This morning, ESPN announced it had reached an eight-year extension of its broadcasting agreement with the NFL. As a result, the Worldwide Leader will retain rights to “Monday Night Football” through 2021, all for the low, low supersaver price of $1.9 billion a year. Just what the owners need to lock the players out all over again in a few years. At least we know we’re guaranteed to have two or three more horrible experiments with the third announcer after someone finally, mercifully gives Gruden another coaching job.
Of course, ESPN doesn’t just pour money into a sports league without ensuring that their completely even-handed coverage priorities match their investment. Which is why several already bloated ESPN NFL shows are getting expanded, while others will be created new out of whole terrible cloth. As many as 12! 12 GODDAMN NEW SHOWS!
How exactly does the network intend to fill 500 (500!) new hours of NFL-related programming each year? Even less coherence? You bet!
ESPN Senior NFL Reporter Adam Schefter accompanies various NFL players to lavish nightlife spots throughout the year. While the players focus on groupies and occasionally get arrested, Schefter mostly busies himself in the background updating his Twitter feed. In one notable episode, Kenny Britt is unsuccessful in getting Schefter laid.
Expanding what was a tedious segment on pregame shows into a full-blown spinoff, producers soon discover that the concept wears a little thin as a 60-minute daily feature. They compensate for this by having Cris Carter draw out his “MAAAAAAAAAAAAAAAAAAANNNNN” as long as possible. Carter dies of oxygen deprivation by the third week. Antonio Pierce assumes his role as co-host.
Designed as a transparent rip-off of Tosh.0, host Trent Dilfer is supposed to highlight and poke fun at wacky YouTube video posted by NFL fans. Instead, every show becomes a stream of highlight clips of the five quarterbacks in the league he considers to be “elite”. Three of them are Matt Ryan.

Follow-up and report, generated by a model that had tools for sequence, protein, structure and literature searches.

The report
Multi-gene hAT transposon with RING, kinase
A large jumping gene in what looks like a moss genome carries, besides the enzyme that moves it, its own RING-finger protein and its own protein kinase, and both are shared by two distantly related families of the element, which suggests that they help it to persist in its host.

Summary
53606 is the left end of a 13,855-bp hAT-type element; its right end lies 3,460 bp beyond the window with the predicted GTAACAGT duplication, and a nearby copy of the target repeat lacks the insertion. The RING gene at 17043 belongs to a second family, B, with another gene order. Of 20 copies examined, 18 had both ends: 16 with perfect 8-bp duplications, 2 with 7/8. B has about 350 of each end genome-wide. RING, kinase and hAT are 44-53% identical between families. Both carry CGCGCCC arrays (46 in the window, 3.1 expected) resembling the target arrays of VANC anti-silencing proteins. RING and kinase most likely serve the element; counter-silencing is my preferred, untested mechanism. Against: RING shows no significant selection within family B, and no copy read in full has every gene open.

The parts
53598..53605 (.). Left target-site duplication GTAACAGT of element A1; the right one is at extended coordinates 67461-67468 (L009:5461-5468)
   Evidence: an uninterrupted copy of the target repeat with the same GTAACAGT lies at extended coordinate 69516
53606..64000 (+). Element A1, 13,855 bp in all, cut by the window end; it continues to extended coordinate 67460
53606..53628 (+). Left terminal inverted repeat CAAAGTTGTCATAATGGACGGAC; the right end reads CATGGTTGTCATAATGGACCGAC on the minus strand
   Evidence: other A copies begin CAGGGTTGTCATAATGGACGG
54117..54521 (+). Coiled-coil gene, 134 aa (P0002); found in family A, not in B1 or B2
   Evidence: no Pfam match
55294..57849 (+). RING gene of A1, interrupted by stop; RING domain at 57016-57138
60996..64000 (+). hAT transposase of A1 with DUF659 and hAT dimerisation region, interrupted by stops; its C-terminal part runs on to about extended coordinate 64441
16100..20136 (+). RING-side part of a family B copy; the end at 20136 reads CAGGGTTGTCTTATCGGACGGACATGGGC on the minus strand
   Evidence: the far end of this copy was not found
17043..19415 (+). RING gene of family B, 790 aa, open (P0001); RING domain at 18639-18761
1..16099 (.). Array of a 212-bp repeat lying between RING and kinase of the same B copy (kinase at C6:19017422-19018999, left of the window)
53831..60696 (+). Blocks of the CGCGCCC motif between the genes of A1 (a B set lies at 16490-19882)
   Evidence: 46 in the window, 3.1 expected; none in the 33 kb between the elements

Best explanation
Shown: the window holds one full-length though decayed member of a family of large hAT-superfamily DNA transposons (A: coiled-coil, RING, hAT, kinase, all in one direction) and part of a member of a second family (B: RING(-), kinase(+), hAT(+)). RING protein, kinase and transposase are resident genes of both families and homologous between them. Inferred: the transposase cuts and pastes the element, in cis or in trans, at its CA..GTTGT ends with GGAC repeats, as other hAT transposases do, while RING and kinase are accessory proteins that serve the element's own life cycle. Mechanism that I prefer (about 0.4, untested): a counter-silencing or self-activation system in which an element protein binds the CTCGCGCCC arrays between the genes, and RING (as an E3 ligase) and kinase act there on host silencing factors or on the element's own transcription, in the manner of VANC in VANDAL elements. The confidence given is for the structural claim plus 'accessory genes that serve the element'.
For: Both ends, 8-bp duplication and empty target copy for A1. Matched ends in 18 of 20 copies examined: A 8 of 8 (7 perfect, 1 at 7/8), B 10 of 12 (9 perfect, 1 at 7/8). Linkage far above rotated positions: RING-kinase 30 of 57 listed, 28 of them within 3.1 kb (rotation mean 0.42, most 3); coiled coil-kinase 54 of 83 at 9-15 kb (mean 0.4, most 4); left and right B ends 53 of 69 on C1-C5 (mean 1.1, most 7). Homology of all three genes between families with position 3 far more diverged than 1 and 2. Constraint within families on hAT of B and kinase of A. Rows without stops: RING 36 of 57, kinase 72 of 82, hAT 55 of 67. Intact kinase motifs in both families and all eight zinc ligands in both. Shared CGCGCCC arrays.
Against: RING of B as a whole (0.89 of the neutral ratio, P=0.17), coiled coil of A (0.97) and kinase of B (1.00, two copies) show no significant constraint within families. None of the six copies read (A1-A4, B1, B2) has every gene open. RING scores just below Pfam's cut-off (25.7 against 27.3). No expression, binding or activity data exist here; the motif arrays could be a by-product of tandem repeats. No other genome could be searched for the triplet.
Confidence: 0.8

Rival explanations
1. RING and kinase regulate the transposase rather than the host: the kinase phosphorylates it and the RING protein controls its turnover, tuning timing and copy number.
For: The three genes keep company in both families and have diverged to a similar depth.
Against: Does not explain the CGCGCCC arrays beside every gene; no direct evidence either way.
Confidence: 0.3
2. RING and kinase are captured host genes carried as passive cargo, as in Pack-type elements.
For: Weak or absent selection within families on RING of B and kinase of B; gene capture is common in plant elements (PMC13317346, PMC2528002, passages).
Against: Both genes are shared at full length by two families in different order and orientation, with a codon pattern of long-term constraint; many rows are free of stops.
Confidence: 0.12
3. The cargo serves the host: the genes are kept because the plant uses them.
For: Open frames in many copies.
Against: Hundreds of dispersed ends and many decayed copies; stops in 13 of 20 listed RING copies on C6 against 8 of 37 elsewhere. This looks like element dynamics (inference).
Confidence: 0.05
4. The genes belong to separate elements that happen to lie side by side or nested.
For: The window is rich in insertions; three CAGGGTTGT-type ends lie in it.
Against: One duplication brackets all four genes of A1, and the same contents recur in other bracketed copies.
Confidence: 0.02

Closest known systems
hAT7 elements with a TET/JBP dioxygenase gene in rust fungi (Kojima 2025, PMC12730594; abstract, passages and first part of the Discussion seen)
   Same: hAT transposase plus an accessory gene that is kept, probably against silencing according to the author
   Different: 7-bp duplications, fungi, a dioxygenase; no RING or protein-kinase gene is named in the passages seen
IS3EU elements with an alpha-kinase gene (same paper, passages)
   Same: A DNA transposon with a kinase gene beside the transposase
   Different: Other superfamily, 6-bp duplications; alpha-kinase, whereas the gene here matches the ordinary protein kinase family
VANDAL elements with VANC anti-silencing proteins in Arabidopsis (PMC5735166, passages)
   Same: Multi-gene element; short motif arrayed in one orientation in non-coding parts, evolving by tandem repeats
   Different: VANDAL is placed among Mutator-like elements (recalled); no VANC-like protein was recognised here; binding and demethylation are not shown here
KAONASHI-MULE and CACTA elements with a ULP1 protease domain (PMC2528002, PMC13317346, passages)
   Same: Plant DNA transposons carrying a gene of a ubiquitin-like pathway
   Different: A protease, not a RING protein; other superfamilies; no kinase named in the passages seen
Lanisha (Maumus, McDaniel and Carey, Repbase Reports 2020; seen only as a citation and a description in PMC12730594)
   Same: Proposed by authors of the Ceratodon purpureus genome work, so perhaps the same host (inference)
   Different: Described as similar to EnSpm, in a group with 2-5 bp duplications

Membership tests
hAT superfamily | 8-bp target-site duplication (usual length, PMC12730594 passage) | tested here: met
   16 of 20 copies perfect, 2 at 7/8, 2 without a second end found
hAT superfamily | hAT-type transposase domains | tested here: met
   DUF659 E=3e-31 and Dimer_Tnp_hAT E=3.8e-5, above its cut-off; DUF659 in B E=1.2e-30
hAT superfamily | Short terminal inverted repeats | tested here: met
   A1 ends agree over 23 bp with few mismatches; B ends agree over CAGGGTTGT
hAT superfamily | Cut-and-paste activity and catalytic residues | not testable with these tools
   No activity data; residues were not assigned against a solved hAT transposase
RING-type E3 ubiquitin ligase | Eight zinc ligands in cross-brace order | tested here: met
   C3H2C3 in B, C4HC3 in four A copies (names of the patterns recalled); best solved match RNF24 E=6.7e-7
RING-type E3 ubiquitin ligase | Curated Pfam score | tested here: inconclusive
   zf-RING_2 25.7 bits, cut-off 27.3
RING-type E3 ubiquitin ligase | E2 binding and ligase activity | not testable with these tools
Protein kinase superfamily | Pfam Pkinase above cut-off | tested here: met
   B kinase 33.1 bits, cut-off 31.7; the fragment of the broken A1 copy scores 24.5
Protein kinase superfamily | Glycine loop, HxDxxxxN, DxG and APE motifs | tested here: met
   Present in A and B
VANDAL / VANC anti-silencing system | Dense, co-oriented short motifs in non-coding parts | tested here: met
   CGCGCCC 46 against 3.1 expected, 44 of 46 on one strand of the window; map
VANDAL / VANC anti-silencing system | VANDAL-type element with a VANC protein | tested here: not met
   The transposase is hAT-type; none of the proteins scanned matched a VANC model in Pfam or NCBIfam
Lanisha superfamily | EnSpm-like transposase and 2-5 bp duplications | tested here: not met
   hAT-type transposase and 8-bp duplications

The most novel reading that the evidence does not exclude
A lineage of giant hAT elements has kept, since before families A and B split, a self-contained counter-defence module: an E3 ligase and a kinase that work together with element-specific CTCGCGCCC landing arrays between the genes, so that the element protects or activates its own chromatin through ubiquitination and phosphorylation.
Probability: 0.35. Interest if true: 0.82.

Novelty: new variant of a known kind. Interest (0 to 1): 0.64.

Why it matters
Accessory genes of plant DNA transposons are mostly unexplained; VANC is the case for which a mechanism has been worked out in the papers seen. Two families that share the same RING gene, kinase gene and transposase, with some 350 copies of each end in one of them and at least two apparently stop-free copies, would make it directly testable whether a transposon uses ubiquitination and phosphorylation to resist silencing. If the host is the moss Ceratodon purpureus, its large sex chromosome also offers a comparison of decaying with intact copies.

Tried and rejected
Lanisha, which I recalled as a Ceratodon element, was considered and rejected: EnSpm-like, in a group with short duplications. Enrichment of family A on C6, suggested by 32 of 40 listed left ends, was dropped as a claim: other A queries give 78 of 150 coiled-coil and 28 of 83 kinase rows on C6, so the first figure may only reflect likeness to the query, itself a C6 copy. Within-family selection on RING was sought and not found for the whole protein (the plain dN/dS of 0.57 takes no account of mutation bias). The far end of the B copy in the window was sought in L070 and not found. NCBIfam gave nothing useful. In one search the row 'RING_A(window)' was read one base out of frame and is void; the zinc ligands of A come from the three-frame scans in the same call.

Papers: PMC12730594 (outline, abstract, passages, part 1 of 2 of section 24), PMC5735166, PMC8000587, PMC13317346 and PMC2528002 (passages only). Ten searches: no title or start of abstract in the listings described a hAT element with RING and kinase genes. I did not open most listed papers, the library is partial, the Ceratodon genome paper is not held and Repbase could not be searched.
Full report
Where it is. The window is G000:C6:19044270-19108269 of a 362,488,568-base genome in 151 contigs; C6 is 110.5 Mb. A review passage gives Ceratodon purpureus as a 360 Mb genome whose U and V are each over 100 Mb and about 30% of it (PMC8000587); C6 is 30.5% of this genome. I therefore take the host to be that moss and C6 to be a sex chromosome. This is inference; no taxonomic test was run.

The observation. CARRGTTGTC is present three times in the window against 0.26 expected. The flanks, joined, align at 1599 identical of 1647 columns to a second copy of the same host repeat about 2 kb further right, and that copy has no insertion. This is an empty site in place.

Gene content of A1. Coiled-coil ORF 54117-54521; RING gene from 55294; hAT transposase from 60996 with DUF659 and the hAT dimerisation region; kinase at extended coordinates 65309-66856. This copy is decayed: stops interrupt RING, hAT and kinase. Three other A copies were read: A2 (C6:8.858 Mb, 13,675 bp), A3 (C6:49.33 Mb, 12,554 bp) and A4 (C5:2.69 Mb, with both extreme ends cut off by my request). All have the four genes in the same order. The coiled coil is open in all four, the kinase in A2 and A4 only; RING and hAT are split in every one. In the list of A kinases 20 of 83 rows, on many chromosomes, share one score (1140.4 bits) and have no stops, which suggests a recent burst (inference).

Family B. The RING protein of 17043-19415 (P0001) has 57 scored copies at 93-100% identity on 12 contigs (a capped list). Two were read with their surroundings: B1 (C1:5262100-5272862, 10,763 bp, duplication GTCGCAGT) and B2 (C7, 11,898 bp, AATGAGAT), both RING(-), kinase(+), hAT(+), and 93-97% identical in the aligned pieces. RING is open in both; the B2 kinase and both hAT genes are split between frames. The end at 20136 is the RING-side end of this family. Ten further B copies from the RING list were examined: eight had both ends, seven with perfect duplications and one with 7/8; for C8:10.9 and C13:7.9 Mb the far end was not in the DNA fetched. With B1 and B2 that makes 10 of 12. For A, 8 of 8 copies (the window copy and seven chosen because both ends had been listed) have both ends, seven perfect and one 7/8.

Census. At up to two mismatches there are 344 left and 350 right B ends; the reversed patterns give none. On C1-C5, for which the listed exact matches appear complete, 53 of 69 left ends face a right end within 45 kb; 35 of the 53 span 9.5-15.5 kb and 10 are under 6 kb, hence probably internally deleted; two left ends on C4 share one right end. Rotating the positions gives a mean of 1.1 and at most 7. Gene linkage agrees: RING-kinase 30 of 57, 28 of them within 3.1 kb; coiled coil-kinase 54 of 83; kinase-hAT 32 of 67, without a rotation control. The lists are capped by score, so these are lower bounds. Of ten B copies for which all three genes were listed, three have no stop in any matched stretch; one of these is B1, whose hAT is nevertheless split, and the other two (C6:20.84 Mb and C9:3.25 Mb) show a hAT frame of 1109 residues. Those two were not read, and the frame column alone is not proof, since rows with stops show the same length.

With an impressive roster of former players turned analysts, the network decides to form its own league of retired NFLers. The plan goes awry when Tedy Bruschi keeps all the really good steroids for himself.
Herm Edwards, Mike Golic, Mark Schlereth and Merrill Hoge take turns having one-on-one discussions on weighty issues. First and final episode: “What is more important: guts or heart?” Internal organs are regretably removed on air to settle debate. ESPN slapped with massive FCC fines. Replaces original format with this on loop:
In a rare act of defiance, ESPN brings back “Jacked Up!”, only this time as an entire show. When the NFL complains that the network is celebrating the kinds of hits that lead to troubling injuries and bad publicity, ESPN agrees to cancel “Outside The Lines” if the program does one show on broken down former stars.
Merrill Hoge puts NFL running backs through a series of unsettling challenges to determine whether they are or are not a factorback. At no point does Hoge ever explain how completing said tasks makes them a factorback or even what a factorback is. Knowshon Moreno is never the same after Hoge dares him to let spiders lay eggs in his urethra.
Roger Ebert presents At The Movies
Traditional format of the show is kept, except the odd twist that reviewers have to switch the titles of movies with names of NFL teams. When test groups find Ebert’s face too frightening, he is replaced by John Clayton. Ebert regains job shortly thereafter.
Untitled Simmons Project
Placed on hiatus when ESPN attempts to name it “Grange” and forbids Simmons from ranting about how Tom Brady would make a better movie star than Ryan Reynolds.
Initially planned as a reality show following Michelle Tafoya’s working life and interactions at home, the idea was scrapped in the spring when Tafoya was hired away by NBC. Rather than come up with an entire new idea, the show will now be comprised entirely of Wendi Nix doing amateurish and insulting impressions of the former ESPN sideline reporter. Quickly becomes ESPN’s most popular studio show.
Hosted by Eric Allen. Two NFL players, either current or former, are welcomed to the show each day. The one with more Super Bowl rings is found to be correct in all of his opinions, no matter how seemingly illogical. The other is outwardly mocked and usually has his mike cut a quarter of the way into the show. Charles Haley becomes a regular guest.